Technology - Websites
It seems like everyone—and every company—is feeling the power of social media these days. In celebration of Hawaii’s 50 years of statehood, Marriott Resorts Hawaii is hopping on the e-bandwagon with a two-part sweepstakes geared toward Twitter and Facebook users, offering 25 all-expense paid trips for two to Kauai, Oahu, Maui or the Big Island and a trip for one lucky tweeter and 11 guests.
Can’t afford to take your kids on an African safari? Or maybe you're just looking for a fun way for them to learn about different parts of the world so they have a greater appreciation when you do book that trip. Well, last week I was introduced to a new website that solves either problem: Wonder Rotunda.
The website is an interactive educational tool for kids. After signing up—a year’s pass to the site is $45—kids create a personalized character and are given a brief tutorial by Mr. Wonder, who remains their tour guide throughout the rest of their animated “travels.”
Switzerland's discretion, especially in terms of banking, is well known. Now, the alpine country thinks that Google should comply with its national penchant for privacy.
On August 18, Google added Street View, 360-degree street-level imagery, to its maps of cities in Switzerland, Taiwan, and Portugal. Three days later, Switzerland's data protection agency asked that the new service be rescinded.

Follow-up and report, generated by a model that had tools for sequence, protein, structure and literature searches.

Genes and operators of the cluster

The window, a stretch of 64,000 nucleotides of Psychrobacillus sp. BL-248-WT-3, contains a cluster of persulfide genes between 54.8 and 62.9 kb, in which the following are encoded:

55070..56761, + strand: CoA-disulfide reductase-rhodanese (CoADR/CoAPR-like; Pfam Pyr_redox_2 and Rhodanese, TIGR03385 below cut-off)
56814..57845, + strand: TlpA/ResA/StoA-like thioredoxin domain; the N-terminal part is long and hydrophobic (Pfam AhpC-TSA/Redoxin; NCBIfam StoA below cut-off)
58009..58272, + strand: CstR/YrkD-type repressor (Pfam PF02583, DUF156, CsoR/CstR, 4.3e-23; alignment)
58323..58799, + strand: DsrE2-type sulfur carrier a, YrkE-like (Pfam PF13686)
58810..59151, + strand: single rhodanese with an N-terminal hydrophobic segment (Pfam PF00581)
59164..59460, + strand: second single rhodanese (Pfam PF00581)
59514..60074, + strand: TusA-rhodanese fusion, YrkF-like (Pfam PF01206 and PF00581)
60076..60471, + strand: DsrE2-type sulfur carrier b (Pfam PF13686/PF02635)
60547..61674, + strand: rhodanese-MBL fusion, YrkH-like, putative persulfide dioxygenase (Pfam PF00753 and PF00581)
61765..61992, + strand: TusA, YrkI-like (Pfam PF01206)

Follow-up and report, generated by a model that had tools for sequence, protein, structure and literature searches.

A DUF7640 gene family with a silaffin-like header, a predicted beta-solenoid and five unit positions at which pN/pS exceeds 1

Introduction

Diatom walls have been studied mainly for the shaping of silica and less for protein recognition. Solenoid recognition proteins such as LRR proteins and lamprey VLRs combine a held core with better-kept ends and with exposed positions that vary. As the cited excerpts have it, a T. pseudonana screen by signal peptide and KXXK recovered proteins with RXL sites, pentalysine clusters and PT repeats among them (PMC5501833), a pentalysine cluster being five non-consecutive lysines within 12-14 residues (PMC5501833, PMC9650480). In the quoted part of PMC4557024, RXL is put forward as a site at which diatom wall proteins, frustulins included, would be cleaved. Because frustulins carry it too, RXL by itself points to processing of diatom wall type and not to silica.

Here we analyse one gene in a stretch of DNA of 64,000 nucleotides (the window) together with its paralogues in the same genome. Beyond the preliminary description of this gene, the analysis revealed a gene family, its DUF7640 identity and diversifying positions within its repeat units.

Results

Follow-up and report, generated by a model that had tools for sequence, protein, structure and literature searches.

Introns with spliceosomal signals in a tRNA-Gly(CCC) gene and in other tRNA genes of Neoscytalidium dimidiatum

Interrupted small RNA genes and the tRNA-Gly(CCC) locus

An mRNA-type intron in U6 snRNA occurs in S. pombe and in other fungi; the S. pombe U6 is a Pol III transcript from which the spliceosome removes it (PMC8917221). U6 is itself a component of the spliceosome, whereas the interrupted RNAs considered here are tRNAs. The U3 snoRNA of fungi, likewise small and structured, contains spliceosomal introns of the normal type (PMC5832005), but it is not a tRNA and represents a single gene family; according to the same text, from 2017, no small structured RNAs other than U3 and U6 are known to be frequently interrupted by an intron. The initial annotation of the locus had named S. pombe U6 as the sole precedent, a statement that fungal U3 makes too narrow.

It only launched in testing stages on June 25th, but Google’s new “City Tours” application—in which your Google Map offers multi-day itineraries in destinations around the globe—has the potential to become something great. But right now it’s mostly useless.
Some computer scientists at Cornell, on their way to figuring out how to automate classification of large visual collections, stumbled upon interesting information about "what the world is paying attention to" reports the New Scientist.
Using a sampling of 35 million images uploaded to Flickr.com, they extracted the existing information from them (the geographic coordinates embedded into some digital photos, the text tags that photographers assigned to them, and a kind of formulaic visual scan) and, as a project by-product, used that data to create some fascinating maps of the most photographed cities and landmarks in the world:
Have you visited Bing.com yet? I mentioned it briefly on Weekend Today a few weeks ago, but if you’re unfamiliar, Bing.com is Microsoft’s new search site—and its travel section is my current obsession.
I’m not sure about you, but when it comes to booking a flight, I get a little anxious. Is this the best fare possible? Am I going to get an Airfarewatchdog deals email and see that my $357 round-trip to Miami is now $275? Don’t fret: Help is on the way.
If too many guidebooks and too little time is your dilemma, then try SeeJaneFly.com, a new travel web site that customizes simple but stylish city guides for women on the go. For now, guides are available only for San Francisco, though ones for Los Angeles, San Diego, New York and Las Vegas are due out this summer, and Chicago, Houston, and Miami, later this year.
I'm a sucker for a live feed. After returning home from a trip to Spain, I discovered a website linking to a camera in Galicia that shows a sweep of rocky cliff, churning surf, and deserted green fields, refreshed every two seconds. For weeks, I'd sneak a quick peek from my work computer to recapture that blissful vacation feeling.